With its rolling fields, historical heritage and a cuisine that’s a delight for all the senses, it’s no wonder Tuscany is one of the most popular regions in Italy for holidaymakers. Yet even with its popularity, you can still kick back in one of our luxury villas in Tuscany and feel peace, tranquillity and the joy of seclusion. Chill next to your pool and fire up the barbeque or head into Tuscany’s cultural centres and nourish your mind – this is one destination that really does have a little bit of everything for everyone, whether you’re travelling with family, friends or are just looking for a romantic getaway with that special someone.

Tuscany Travel Guide - Practical Tips


Why Visit?

Almost all who step foot onto this earthy Italian province are hell-bent on returning. Hardly surprising, when there is so much here to entice, from the glorious Renaissance art in Florence to the locals’ infectious obsession with food. The landscapes of Tuscany are also tourist-brochure material – all vine-carpeted hills, lush forests and medieval hamlets – while the pace of life is unhurried. Whether you want to get out and explore with your family, indulge in a wine-soaked week away with friends or discover the roots of the Renaissance, Tuscany is the place to do it.


Typical Sights

  • The Leaning Tower of Pisa – Take photos of this iconic wonky structure.
  • The Uffizi Gallery – See works by da Vinci, Botticelli, Michelangelo and Raphael.
  • Siena – Watch bareback horse racing during the Palio at Piazza del Campo.
  • Florence Duomo – Climb to the top for phenomenal views over the city.
  • San Gimignano – See the stone skyscrapers of this so-called ‘medieval Manhattan’.
  • Accademia Gallery – Visit the home of Michelangelo’s David.
  • Ponte Vecchio – Browse the jewellery shops on Florence’s oldest bridge.

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When to Visit?

Peak tourist season in Tuscany lasts from July through to mid-September. This is when crowds and temperatures are at their zenith, but that definitely doesn’t make it a no-go zone. While valley-based locales such as Florence may be muggy, the cooler hilltop towns provide heat relief.

One thing to remember when planning your holiday here is that in August, the larger Tuscan cities such as Florence and Pisa experience a mass exodus as the locals head off on holiday. During this month, you’ll find many small restaurants and shops deserted while their owners are off sunning themselves on the coast. Having said that, even if you do choose to visit in August, the main attractions will still be open and you won’t find yourself stuck for somewhere to eat as long as you stay central.

April and May, as well as October and November, are good times to go: the weather is welcomingly temperate and tourist numbers are greatly reduced. Winter, though usually mild, can be plagued with drizzle and occasionally a sprinkling of snow. If you don’t mind donning a coat, the pay-off is that you’ll have Tuscany almost all to yourself.


Getting Around

  • Airports: Travel from UK to Pisa and Florence, both airports serving international flights.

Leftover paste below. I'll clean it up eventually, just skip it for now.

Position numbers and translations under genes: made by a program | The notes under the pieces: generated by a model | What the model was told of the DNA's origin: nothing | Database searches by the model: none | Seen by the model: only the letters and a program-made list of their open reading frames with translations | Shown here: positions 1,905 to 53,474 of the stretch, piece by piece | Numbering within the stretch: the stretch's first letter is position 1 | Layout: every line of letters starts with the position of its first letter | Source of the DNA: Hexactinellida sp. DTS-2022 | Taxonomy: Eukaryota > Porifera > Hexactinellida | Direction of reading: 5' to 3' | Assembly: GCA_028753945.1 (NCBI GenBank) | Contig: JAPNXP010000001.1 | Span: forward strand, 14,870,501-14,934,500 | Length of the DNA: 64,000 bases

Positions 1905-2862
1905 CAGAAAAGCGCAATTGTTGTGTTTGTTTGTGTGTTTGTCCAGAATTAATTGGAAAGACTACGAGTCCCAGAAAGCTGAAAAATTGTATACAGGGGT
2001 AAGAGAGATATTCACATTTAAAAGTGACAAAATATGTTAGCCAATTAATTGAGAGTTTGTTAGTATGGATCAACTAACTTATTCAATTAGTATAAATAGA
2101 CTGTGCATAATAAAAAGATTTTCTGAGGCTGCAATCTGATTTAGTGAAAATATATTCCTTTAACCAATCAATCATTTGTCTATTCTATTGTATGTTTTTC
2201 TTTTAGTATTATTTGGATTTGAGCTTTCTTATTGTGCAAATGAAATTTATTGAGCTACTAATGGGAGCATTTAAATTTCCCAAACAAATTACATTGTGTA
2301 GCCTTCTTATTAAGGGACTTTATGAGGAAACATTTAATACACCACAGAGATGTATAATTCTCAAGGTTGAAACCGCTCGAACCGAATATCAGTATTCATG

• Public transport: If the thought of driving on the right – or should that be wrong? – side of the road has you breaking out in a cold sweat, don’t despair. Tuscany is one of those rare, rural regions that is extremely well-served by public transportation. Trenitalia national trains run to and from the major towns such as Florence, Siena and Pisa, while several bus operators, the most useful of them being Busitalia, connect smaller villages and settlements to the larger cities.
  • By Bike: Biking is, without a doubt, one of the best ways to navigate this province. You can travel at your own pace and see all the incredible landscapes that characterise this region as you do so. Strade bianche (unpaved back roads) criss-cross the province, and run among the olive groves and vineyards. The region’s hills can be hard on the legs, but rest assured, for every uphill, there is also a downhill.
  • Hiring a car: Renting a car is one of the best ways to explore Tuscany. Driving is extremely handy, particularly if you want to strike out from the crowd and discover hidden Tuscany and some of the less well-known parts of the province. Forget those rumours you’ve heard about ‘crazy Italian drivers’; while driving etiquette in large cities like Rome, Naples and Milan may be a little questionable, Tuscany’s roads are rather less manic. Avoid driving into the historical centre of the major Tuscan cities; most of these are designated ZTLs (limited traffic zones), and non-residents who enter will face a fine. A GPS will aid with navigation.

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Hidden Gems

  • The Lucca Antiques Market, which takes place on the third weekend of every month and features well over 200 stalls, is a treasure trove for the curious. Among the antique furniture, prints and books for sale are all kinds of random bits and bobs you never knew you wanted – that is, until now.
  • After a few days hiking or cycling the Tuscan hills, your muscles will thank you for taking a dip in the Saturnia hot springs. The sulphurous smell from the milky pools may put some people off, but the instant relaxing effect of the steaming mineral-rich water outweighs the pong.
  • Artist Niki de Saint Phalle began work on the Gaudi-inspired Tarot Garden in the late 1970s and continued adding more fantastic, undulating forms and mosaics to the site up until 1996. The whimsical nature of this unusual park makes it a surprising hit among children.
  • Set among open, wild-flower carpeted fields, the roofless ruins of San Galgano Abbey aren’t on most tourists’ radars, though they ought to be. It’s famously associated with an Arthurian-style sword-in-stone legend and is a sensational spot for a quiet picnic.